Joseph Dougherty, PhD
McKinley Research Building, Room 6316
Our laboratory utilizes a variety of techniques spanning from human molecular genetics and informatics to mouse behavioral neuroscience and neuroanatomy. We develop and employ mouse models of psychiatric disorder, particularly those that mimic genetic variations we've identified from human patient populations, with the goal of trying to understand the cellular and molecular underpinnings of these disorders.
Susan K. Dutcher, PhD
McKinley Research Building, Room 5301
Studies on the role of centrioles and basal bodies in ciliary signaling, assembly, and motility using molecular genetics, computational, and biochemical approaches.
Heather Lawson, PhD
McKinley Research Building, Room 6312
Translating genetic and epigenetic molecular and analytical observations to physiological endpoints. We apply several complementary and integrated approaches including bench science, cultured cells, mouse phenotyping and husbandry, and computational and systems biology.
Jeffrey Milbrandt, MD, PhD
McKinley Research Building, Room 6306
We are performing Cas9/CRISPR activation and repression screens in iPSC-derived neurons together with single-cell transcriptomics analysis to evaluate the causal effects of genetic variants associated with neuropsychiatric diseases. We are also studying how metabolism influences axonal/glial interactions important for proper nerve function. We use genetic and metabolomic analysis to identify molecular mechanisms of axonal degeneration, a self-destructive process that plays an important role in many neurodegenerative conditions.
Rob Mitra, PhD
McKinley Research Building, Room 4301
Systems biology, gene regulation, and technology development. Projects in the lab fall into three general categories: 1) understanding the molecular logic of transcription factor cooperativity, 2) mapping the gene regulatory networks that control developmental processes and using this knowledge to reprogram fibroblasts into useful cell types, 3) developing novel technologies to more efficiently achieve the first two aims listed.
Samantha Morris, PhD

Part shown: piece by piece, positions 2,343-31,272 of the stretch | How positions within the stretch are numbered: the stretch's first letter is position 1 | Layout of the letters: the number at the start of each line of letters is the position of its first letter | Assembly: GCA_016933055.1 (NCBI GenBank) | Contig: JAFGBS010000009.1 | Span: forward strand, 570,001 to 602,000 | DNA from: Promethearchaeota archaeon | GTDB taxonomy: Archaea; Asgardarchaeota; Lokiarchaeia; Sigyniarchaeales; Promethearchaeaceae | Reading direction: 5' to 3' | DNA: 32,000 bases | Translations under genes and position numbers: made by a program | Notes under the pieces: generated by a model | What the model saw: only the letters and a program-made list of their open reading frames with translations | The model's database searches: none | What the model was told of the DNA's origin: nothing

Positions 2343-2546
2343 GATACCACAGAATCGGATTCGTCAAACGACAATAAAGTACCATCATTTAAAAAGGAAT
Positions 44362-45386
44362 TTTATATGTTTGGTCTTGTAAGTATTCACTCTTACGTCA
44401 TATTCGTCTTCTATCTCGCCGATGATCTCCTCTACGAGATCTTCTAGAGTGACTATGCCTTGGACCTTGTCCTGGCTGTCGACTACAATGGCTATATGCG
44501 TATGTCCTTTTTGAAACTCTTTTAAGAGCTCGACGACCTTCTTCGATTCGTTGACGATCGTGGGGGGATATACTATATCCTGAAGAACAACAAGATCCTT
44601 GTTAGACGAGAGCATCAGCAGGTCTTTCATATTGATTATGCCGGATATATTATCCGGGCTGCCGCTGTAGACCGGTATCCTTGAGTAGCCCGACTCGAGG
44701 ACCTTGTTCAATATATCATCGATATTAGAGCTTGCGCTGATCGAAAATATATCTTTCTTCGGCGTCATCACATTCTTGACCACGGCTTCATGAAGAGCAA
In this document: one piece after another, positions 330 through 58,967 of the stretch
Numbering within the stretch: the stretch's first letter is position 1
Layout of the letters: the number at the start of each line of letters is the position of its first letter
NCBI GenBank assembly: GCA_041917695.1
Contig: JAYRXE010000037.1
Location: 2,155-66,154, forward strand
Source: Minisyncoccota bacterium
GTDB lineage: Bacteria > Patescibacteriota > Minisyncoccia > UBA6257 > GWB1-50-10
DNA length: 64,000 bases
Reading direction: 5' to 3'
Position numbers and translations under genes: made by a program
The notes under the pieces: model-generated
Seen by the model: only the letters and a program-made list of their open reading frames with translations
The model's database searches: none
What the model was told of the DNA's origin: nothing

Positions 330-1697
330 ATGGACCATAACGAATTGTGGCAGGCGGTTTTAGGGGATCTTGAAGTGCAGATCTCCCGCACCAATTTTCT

McKinley Research Building, Room 3316
Engineering cell fate to generate clinically valuable cell populations: stem cell and developmental biology. Our research focuses on dissecting the gene regulatory networks that define cell identity, using the developing embryo and tissue regeneration as a guide to engineer fate in vitro. We apply insight from these analyses to generate clinically relevant populations by differentiating cells from a pluripotent state, or by directly converting cells between mature fates. We employ a combination of computational, single-cell transcriptomics, cell and developmental biology approaches.
Zachary Pincus, PhD
McKinley Research Building, Room 5304
Inter-individual variability in aging and lifespan. Developmental origins of longevity and adult health. Quantitative microscope and image analysis of C. elegans.
Michael A. Province, PhD
Farrell Learning and Teaching Center (FLTC), 6th floor, Suite 605
Development and evaluation of novel statistical genetics methodology, especially as applied to genomic identification and validation of variants for human complex quantitative traits, such as heart disease, cancer, pulmonary function, diabetes and human longevity.
Nancy L. Saccone, PhD
Farrell Learning and Teaching Center (FLTC), 6th floor, Suite 606
Statistical genetics and psychiatric genetics. Development and application of analysis methods for studying the genetics of human disease and complex traits.
Tim Schedl, PhD
McKinley Research Building, Room 5305
Germ cell development in the model organism Caenorhabditis elegans. The major focuses are: control of the decision to proliferate or enter the meiotic pathway, control and coordination of meiotic prophase progression and gametogenesis, and control of meiotic maturation and ovulation.
James Skeath, PhD
McKinley Research Building, Room 6315